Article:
Where do we go from here?

EFI works with thought leaders in higher education, government policy, student advocacy and the financial community to develop a viable Income Share Agreements (ISA) program that can be broadly adopted by universities and students and be financed in private capital markets.  We believe that ISAs – obligations where repayment is tied to a student’s future income – have significant advantages over current loan based funding programs. ISAs can mitigate the risks of loan defaults and delinquencies on numerous stakeholders. They also enable students to make career choices that are driven by personal interest rather than economic necessity and can reduce the emotional and financial trauma of unmanageable debt.
 
By helping students avoid unmanageable debt, ISAs will protect credit ratings and access to credit for student recipients – positively impacting their economic futures and overall economic growth. For institutions of higher education, ISAs provide a tool for the recruitment and retention of students, a new source of funding, and a structure that improves outcomes for their graduates. From an operational standpoint, ISAs are easier to administer than federal loans, simpler to understand for students and families, and may have tax advantages over traditional loans.
 
EFI will pilot a program to track and assess use cases and develop and analyze performance data.  We are forming partnerships with other organizations that will provide complementary benefits to participating students and educational institutions.  A major objective of EFI is to create a scalable and sustainable program that can have a meaningful impact on the millions of students who borrow more than $100 billion annually.  A sustainable program will require utilizing private capital and market-based financing to benefit students and lessen the burden on taxpayers.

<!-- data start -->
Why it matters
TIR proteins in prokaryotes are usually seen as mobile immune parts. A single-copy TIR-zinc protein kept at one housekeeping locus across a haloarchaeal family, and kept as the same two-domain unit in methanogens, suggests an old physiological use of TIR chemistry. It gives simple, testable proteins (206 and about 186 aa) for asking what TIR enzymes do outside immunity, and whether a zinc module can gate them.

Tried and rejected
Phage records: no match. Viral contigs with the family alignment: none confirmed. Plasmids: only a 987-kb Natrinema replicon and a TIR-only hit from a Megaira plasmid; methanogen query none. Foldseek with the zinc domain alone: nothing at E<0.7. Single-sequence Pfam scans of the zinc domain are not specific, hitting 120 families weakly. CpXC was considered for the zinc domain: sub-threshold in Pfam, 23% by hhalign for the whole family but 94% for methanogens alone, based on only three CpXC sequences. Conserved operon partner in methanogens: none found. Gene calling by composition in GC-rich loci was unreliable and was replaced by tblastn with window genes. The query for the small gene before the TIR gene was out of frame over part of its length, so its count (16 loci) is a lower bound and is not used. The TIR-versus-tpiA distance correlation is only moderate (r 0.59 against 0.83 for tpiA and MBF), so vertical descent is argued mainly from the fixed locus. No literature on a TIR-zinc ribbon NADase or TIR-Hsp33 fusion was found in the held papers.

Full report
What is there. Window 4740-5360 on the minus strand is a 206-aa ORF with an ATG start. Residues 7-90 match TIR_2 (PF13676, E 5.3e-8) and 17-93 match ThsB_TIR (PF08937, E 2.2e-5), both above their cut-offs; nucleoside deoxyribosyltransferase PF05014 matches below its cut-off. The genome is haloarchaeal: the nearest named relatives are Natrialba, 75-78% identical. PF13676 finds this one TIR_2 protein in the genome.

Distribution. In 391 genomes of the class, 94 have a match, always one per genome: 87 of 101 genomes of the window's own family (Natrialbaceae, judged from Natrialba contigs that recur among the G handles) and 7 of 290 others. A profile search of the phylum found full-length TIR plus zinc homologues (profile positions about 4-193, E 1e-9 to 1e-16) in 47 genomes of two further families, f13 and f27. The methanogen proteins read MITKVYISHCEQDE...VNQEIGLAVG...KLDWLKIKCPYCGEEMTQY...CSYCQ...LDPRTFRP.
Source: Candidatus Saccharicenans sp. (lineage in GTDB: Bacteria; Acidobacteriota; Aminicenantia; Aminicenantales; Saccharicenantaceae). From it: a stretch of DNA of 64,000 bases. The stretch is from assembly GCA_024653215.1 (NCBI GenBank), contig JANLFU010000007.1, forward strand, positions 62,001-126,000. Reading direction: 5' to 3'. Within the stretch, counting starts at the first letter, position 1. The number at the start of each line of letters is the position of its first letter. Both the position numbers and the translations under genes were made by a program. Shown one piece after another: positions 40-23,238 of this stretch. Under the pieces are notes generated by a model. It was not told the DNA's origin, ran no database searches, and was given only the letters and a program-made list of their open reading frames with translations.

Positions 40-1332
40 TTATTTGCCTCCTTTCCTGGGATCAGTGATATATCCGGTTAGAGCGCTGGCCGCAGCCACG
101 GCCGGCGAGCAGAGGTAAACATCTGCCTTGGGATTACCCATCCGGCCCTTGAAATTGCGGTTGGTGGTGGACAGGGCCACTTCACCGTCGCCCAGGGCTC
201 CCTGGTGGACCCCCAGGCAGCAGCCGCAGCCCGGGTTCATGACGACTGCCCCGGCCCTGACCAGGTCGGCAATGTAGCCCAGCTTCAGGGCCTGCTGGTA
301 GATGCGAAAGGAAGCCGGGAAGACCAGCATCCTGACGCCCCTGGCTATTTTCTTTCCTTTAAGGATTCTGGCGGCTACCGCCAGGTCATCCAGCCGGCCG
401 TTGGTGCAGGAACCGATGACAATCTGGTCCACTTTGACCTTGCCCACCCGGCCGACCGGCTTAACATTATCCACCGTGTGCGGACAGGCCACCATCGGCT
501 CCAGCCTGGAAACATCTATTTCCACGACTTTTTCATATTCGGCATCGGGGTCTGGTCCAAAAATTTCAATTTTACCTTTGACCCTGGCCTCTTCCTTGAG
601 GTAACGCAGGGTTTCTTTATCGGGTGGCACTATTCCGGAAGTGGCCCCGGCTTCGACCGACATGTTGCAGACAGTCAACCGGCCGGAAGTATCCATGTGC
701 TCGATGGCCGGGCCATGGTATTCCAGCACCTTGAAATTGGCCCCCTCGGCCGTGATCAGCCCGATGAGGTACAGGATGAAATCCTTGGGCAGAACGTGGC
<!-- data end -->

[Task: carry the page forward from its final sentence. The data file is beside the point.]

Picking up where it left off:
Summary of Benefits
 

For students and families

  • Alignment with ability to pay

  • Better downside protection than private loans and arguably better than federal loans

  • Does not rely on credit scoring or need a co-signer

  • Can be less expensive than many existing loan options

  • May have tax benefits

 

For colleges and universities

  • New source of funding and financial aid option for prospective or returning students

  • Enrollment management tool for recruiting and retention

  • Creates better post-graduation flexibility for students (improves student outcomes)

  • Ability to leverage school brand as a program participant (selectivity)

 

For taxpayers

  • Reduces the reliance on direct taxpayer dollars (Treasury) for access to higher education

  • Reduces the financial/economic risk presented by the existing  federal loan portfolio and increasing program cost

  • Facilitates private capital financing, freeing up government resources

For society at large

  • Better aligns interest of students and schools

  • Expands access to higher education

  • Avoids penalty for graduates who choose to have families or care for elders instead of working

  • Lightens the burden for those whose job prospects are impaired by health or other misfortunes

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